- 1798.100 – Consumers right to receive information on privacy practices and access information
- 1798.105 – Consumers right to deletion
- 1798.110 – Information required to be provided as part of an access request
- 1798.115 – Consumers right to receive information about onward disclosures
- 1798.120 – Consumer right to prohibit the sale of their information
- 1798.125 – Price discrimination based upon the exercise of the opt-out right
CCPA Privacy FAQs: If a business voluntarily honors the deletion request of a loyalty program member, is it violating the CCPA?
Typically, businesses are not required to delete information maintained as part of a loyalty program in response to a right to be forgotten request. Some businesses, however, may consider voluntarily agreeing to a right to be forgotten request in order to confer upon consumers greater control over their data.
Based upon the current drafting of the CCPA, voluntarily agreeing to a right to be forgotten request may raise unintended complexities. Specifically, the CCPA states that a business “shall not discriminate against a consumer because the consumer exercised any of the consumer’s rights” under the Act.1 Among other things, the CCPA provides the following examples of discrimination under the statute:
- Denying “goods or services” because the consumer exercised a deletion right;2
- Charging “different prices or rates for goods or services” because the consumer exercised a deletion right;3
- Charging different rates “through the use of discounts or other benefits” because the consumer exercised a deletion right;4 or
- Providing “a different level or quality of goods or services” because a consumer exercised a deletion right.5
In the context of a loyalty program, a potential conflict arises if an individual requests to be forgotten. If the business voluntarily honors such a request, the consumer’s participation in the loyalty program would presumably need to be terminated as the business would no longer have data about the consumer needed to track purchases and provide loyalty-related benefits. For loyalty programs that provide free products or services, termination could lead a consumer to argue that they were either “den[ied] goods or services” or “charg[ed] different prices or rates . . . through the use of discounts or other benefits.”6 While some businesses might attempt to mitigate inadvertent harm by warning consumers that an inevitable consequence of a deletion request would be the loss of value, or the loss of benefits, associated with the loyalty program, the CCPA specifically prohibits a business from “[s]uggesting that the consumer will receive a different price or rate for goods or services or a different level or quality of goods or services” if the consumer were to exercise one of their rights.7 That prohibition seemingly puts a business between a rock and a hard place. If they honor the consumer’s request, they may be accused of unlawful discrimination by denying the benefits of the loyalty program as a result of the exercise of the consumer’s rights. If they warn the consumer of the inevitable consequence of a deletion request, the business could be accused of violating the CCPA by suggesting that the exercise of a right will lead to the loss of a benefit.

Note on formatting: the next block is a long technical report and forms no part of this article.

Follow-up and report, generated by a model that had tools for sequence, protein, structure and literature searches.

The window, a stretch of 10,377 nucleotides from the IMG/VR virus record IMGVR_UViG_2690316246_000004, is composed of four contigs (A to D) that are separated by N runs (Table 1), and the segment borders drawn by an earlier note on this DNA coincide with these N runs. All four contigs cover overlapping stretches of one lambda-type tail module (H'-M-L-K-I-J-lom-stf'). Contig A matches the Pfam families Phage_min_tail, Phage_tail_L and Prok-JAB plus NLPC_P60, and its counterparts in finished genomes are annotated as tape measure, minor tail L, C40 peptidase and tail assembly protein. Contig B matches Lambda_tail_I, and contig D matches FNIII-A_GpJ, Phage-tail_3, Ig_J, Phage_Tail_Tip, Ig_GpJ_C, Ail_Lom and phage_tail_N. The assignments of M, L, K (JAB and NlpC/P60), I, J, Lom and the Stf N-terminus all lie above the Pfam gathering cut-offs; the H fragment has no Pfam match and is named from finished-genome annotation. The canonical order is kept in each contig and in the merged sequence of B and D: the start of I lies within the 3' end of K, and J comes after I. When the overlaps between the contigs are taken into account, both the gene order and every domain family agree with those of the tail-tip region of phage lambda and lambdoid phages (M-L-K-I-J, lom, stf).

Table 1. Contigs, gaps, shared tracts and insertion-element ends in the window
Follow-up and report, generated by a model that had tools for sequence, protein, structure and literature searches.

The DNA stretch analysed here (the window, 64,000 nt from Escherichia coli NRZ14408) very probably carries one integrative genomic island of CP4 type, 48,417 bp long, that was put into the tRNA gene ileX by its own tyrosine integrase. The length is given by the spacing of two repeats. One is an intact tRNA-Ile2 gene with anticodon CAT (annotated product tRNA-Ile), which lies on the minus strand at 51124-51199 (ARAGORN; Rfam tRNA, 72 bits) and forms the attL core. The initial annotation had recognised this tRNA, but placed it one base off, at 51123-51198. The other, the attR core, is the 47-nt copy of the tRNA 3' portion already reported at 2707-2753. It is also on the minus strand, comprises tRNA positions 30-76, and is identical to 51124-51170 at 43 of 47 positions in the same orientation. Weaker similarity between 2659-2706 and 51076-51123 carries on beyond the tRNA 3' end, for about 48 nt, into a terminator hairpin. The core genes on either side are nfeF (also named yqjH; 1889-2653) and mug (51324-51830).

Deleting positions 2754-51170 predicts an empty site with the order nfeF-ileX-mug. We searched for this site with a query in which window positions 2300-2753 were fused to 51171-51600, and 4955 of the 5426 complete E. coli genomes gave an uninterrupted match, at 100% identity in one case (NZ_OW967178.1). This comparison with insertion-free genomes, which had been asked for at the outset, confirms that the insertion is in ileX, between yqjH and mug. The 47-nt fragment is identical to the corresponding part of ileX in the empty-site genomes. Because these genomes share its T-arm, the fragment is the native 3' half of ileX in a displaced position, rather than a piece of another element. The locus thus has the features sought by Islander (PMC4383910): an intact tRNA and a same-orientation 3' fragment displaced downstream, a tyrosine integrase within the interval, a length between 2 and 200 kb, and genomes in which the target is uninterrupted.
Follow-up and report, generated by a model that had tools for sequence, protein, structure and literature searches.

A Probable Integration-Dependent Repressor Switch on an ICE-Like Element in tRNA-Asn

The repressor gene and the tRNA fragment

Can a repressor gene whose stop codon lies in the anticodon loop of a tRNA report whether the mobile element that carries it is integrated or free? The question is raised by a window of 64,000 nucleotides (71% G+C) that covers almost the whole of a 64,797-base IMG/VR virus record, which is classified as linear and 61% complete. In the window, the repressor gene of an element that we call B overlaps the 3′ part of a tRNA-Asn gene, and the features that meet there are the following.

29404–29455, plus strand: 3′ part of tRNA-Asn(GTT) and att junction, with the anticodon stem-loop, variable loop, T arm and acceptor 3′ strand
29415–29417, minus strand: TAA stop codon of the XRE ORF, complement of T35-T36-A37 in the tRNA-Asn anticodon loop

To the extent that the California Attorney General argues that the act of exercising a deletion request leads to a form of “discrimination,” the CCPA provides an affirmative defense that may be available to some loyalty programs. The CCPA states that, notwithstanding the anti-discrimination prohibition within the Act, a business may charge a different price or rate, or provide a different level of quality or service, if that “difference is reasonably related to the value provided to the business by the consumer’s data.”8 The CCPA does not, however, set forth a standard by which courts should judge whether the difference in price or quality is “reasonably related.” Nor does the CCPA set forth a methodology for how a business should calculate the value provided to it by the consumer’s data.
The net result is that there remains a great deal of uncertainty concerning the practical ability of a business to rely upon the “business value” exception. Specifically, it remains to be seen whether courts will (1) assign the burden to a plaintiff to prove the value of data to a business, or assign the burden to a business to prove the value to the business of the data, (2) perceive the question of whether two values are “reasonably related” to be a question of fact suitable for juries, and/or (3) establish a consistent methodology for calculating the value of data to a business.